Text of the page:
California AB-987 Clarifies Religious and Disability Discrimination Prohibitions

32771275In response to a disturbing ruling in a California court of appeal case, the legislature passed, and the Governor signed, an amendment to the California Fair Employment and Housing Act. The amendment clarifies the law by specifically prohibiting discrimination or retaliation against employees or others who request an accommodation due to religion or disability.

In 2013, in a case known as Rope v. Auto-Chlor System of Washington Inc., the Second District Court of Appeal found that the dismissal of an employee for requesting an accommodation based on disability was not a violation of the FEHA. The Act prohibits discrimination not only against persons or employees on the basis of disability but also against persons who oppose unlawful acts of discrimination. Under the Act, such opposition is deemed a protected activity. In this case, the court found that requesting an accommodation was not a protected activity.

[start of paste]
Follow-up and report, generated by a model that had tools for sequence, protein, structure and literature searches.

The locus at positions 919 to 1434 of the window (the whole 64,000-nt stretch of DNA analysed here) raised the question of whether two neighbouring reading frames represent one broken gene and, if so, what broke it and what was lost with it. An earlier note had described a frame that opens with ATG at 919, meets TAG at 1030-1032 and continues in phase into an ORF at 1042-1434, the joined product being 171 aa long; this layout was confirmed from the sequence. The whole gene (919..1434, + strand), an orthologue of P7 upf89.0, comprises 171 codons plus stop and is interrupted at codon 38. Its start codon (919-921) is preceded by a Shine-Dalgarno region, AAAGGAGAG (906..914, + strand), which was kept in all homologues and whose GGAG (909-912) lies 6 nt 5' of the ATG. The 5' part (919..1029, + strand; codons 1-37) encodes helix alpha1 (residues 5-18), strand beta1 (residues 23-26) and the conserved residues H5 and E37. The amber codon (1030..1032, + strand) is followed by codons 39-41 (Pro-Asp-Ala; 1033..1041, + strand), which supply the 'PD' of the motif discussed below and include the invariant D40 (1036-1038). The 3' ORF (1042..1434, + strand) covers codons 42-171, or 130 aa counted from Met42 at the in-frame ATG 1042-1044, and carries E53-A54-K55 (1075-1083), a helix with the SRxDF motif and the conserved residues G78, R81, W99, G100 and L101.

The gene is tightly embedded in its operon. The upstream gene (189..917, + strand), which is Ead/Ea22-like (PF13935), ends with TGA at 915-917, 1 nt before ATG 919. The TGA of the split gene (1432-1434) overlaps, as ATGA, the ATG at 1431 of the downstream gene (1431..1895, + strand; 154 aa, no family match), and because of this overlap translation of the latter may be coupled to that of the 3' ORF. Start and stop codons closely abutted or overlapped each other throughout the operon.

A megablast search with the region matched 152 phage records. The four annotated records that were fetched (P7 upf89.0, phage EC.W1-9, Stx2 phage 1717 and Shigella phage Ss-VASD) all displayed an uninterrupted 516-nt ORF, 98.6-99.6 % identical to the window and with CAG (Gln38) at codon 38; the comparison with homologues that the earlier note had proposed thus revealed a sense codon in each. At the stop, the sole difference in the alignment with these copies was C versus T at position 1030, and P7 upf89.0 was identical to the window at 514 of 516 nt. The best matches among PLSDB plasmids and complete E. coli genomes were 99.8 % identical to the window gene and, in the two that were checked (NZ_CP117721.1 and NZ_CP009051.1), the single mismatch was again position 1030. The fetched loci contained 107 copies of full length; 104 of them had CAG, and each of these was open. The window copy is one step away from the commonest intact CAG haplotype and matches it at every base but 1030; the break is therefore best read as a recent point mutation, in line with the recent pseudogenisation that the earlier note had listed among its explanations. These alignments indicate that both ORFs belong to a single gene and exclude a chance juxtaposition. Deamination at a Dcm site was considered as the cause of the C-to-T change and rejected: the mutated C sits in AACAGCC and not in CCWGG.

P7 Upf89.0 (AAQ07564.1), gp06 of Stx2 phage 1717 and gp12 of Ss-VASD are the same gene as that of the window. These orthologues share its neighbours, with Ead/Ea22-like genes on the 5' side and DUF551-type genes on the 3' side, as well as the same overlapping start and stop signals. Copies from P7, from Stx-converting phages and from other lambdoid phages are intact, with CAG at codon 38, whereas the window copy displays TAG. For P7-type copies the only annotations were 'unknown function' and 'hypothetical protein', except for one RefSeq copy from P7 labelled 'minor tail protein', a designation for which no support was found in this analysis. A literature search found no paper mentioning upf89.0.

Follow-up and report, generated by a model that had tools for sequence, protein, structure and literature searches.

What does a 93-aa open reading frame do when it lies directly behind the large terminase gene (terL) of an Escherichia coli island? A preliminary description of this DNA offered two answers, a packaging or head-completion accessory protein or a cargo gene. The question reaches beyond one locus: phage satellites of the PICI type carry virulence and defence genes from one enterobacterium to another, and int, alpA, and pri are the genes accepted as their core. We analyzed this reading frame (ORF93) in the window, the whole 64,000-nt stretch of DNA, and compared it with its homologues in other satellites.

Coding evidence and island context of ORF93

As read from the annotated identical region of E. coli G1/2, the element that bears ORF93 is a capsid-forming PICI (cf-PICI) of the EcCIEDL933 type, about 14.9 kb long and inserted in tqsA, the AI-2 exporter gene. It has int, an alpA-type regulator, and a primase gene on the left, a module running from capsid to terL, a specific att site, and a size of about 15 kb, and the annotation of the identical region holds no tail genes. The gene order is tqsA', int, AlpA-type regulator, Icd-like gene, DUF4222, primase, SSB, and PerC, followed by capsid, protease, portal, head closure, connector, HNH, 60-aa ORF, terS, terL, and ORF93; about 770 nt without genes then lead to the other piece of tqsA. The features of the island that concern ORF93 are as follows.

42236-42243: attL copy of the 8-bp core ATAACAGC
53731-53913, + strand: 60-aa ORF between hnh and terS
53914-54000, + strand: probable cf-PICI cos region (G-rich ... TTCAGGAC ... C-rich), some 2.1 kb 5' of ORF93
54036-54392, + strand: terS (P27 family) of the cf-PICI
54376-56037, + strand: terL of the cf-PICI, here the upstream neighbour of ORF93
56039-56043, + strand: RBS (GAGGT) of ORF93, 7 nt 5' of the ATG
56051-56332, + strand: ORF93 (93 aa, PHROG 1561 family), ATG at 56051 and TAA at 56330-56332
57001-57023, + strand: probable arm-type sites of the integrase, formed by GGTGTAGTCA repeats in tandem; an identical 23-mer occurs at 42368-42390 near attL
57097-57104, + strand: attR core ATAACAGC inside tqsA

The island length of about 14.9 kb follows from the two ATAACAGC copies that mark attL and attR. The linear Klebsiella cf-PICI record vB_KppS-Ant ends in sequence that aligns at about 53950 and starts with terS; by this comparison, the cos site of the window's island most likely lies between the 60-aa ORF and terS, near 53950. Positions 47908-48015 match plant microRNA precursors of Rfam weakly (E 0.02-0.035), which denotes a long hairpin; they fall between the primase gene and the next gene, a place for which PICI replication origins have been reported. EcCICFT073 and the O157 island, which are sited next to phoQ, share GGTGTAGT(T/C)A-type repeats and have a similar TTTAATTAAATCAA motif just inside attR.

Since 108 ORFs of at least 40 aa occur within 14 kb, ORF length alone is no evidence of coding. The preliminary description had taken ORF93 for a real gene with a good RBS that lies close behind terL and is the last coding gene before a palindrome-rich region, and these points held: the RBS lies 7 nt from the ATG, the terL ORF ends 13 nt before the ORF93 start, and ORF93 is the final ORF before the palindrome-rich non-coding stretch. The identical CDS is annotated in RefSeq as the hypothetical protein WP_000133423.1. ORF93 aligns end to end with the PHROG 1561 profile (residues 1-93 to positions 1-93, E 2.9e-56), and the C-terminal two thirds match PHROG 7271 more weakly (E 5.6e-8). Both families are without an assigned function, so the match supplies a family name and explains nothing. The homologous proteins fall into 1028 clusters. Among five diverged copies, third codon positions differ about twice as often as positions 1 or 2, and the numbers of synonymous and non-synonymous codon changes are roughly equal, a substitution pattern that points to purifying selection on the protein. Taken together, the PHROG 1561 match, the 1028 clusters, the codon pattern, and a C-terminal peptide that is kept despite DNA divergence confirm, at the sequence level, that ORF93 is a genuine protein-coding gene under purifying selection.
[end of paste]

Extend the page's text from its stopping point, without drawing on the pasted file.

In the Rope case, the employee had requested time off for the purpose of donating a kidney to his sister. Although the employer had advised him that he could have an unspecified amount of unpaid time off, it did not respond to requests he had made for paid time off. The paid time off would have been required of the employer starting on January 1, 2011 under the Donation Protection Act, which requires certain employers to grant up to 30 days paid time off for organ donation. Mr. Rope made the request in November of 2010 for the surgery, which was scheduled in February 2011. He was fired for poor performance two days before the DPA went into effect.

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The state legislature, in response to pleas from advocacy groups, passed AB 987, a bill that amended the FEHA. The bill very specifically states that a request for accommodation on the basis of disability is a protected activity under the FEHA. Although not at issue in the Rope case, the new law includes requests for accommodation for religious purposes as a protected activity. The advocacy groups had expressed concern that the court’s ruling would have discouraged employees from requesting those accommodations as well.

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2017-12-13T21:46:39+00:00 August 24th, 2015|Discimination, General Labor Law|